24. Peaks correspond to commonly defined behaviors, but here, everything is bottom-up from the data.  Also, nearby regions encode similar but distinct behavior
  25. As expected, many behaviors (like running) are confined to an orbit in the low-dimensional space
  26. Were able to pull apart distinguishing characteristics between male and female behavior

Temporal Segmentation and Activity Classification from First-person Sensing, Spriggs, De La Torre, Hebert. CVPR 2009.

  1. “We explore first-person sensing through a wearable camera and Intertial Measurement Units (IMUs) for temporally segmenting human motion into actions and performing activity classification in the context of cooking and recipe preparation in a natural environment.”
  2. Try:
    1. Gaussian Mixture Models
    2. HMMs
    3. K-NN
    4. Also try unsupervised methods so that annotation isn’t necessary
  3. Large number of references to prior work
  4. The IMUs used here are set up as:
    1. 5 on the wrist
    2. <5?> on ankles
    3. 1 on waist
  5. And then there is head-cam
  6. There is ambiguity in how to label what is going, especially because people did the same task differently.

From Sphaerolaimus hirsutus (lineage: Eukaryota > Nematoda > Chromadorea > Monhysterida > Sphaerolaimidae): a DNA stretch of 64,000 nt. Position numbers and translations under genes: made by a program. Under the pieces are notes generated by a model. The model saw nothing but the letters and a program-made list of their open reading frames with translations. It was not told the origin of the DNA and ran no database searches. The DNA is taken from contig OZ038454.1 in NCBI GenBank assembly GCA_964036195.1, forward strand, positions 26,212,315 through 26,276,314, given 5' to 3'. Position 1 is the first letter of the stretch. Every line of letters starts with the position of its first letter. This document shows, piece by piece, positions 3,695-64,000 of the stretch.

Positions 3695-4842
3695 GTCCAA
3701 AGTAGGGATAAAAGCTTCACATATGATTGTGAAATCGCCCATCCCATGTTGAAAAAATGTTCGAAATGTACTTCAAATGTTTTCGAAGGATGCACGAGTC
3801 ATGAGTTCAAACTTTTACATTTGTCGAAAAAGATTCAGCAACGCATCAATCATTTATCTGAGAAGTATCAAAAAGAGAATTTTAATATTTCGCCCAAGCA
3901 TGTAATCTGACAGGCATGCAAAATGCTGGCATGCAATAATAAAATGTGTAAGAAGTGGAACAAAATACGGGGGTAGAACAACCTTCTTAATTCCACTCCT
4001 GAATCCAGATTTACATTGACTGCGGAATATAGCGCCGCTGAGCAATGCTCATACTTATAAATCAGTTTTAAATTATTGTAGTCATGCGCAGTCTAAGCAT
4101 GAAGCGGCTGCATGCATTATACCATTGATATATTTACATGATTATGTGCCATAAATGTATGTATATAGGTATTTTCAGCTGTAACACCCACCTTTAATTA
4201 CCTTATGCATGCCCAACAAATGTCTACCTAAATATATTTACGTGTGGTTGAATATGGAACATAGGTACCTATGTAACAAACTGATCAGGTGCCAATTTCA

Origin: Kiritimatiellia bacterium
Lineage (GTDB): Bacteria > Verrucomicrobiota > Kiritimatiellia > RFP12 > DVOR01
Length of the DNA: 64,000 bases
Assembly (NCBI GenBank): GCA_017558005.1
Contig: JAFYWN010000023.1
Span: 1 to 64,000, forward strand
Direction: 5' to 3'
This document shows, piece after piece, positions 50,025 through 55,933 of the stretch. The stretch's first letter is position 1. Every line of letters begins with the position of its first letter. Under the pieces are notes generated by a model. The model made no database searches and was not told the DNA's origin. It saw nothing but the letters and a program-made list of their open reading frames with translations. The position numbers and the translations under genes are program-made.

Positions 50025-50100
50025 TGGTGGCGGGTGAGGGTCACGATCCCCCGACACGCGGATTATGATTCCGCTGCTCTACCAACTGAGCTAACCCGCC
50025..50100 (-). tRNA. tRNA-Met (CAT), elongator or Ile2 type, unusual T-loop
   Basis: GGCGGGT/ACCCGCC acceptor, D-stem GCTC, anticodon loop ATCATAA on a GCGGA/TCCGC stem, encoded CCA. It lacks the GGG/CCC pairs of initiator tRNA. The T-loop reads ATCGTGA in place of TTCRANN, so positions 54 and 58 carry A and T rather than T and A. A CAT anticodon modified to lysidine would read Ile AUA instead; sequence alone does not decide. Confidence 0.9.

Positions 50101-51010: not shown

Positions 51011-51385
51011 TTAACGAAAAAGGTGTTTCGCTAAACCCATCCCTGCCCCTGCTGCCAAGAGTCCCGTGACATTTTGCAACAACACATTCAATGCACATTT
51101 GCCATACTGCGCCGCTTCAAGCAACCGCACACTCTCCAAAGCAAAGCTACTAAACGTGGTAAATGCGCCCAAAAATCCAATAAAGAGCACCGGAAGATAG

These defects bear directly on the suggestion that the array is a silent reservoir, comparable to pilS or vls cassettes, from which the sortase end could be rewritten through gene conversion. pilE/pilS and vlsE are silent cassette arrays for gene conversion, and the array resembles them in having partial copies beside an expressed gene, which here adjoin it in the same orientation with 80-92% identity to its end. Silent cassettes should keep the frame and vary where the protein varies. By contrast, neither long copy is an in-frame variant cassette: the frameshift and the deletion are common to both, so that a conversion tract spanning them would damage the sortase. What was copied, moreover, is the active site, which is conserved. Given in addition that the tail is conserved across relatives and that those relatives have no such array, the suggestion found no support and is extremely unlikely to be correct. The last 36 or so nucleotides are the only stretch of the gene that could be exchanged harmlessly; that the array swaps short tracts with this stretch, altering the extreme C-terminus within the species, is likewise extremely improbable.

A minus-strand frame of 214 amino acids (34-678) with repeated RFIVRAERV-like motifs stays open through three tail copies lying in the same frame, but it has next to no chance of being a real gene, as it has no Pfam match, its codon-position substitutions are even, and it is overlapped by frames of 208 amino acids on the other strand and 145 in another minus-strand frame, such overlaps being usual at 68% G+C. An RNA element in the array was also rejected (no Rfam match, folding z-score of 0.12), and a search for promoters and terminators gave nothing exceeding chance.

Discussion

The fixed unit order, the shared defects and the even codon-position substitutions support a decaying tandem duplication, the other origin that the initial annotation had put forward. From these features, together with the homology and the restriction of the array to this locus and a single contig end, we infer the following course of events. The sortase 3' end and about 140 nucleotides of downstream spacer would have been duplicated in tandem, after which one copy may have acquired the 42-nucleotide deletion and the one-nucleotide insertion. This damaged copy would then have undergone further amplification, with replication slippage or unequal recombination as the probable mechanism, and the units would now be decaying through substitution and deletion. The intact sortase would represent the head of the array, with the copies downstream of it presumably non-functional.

1. Also huge partial observability (even in terms of what is in view of the camera)
  7.  Action clauses are distinct per recipe (at least partially), 29 clauses for brownies
  8. For unsupervised segmentation, they try PCA, then cluster that
    1. Performance is about 70% correct with this method
    2. These features can also be used to try and classify what recipe is being made
  9. Recipe classification is perfect on the small dataset when using data from IMUs
  10. Tried unsupervised clustering of IMU data with HMM but it came up with garbage
  11. They then merge video and IMU data <but its not totally clear how they accomplish this in terms of representation> again, run through PCA and HMM
  12. Recipe classification with this method was ~93%, so just using IMUs is better
  13. Then they move onto supervised, with annotation
  14. ~80% of frames annotated, “stirring the mix” takes up about 25% of labeled frames
    1. They trained only on frames where annotation was available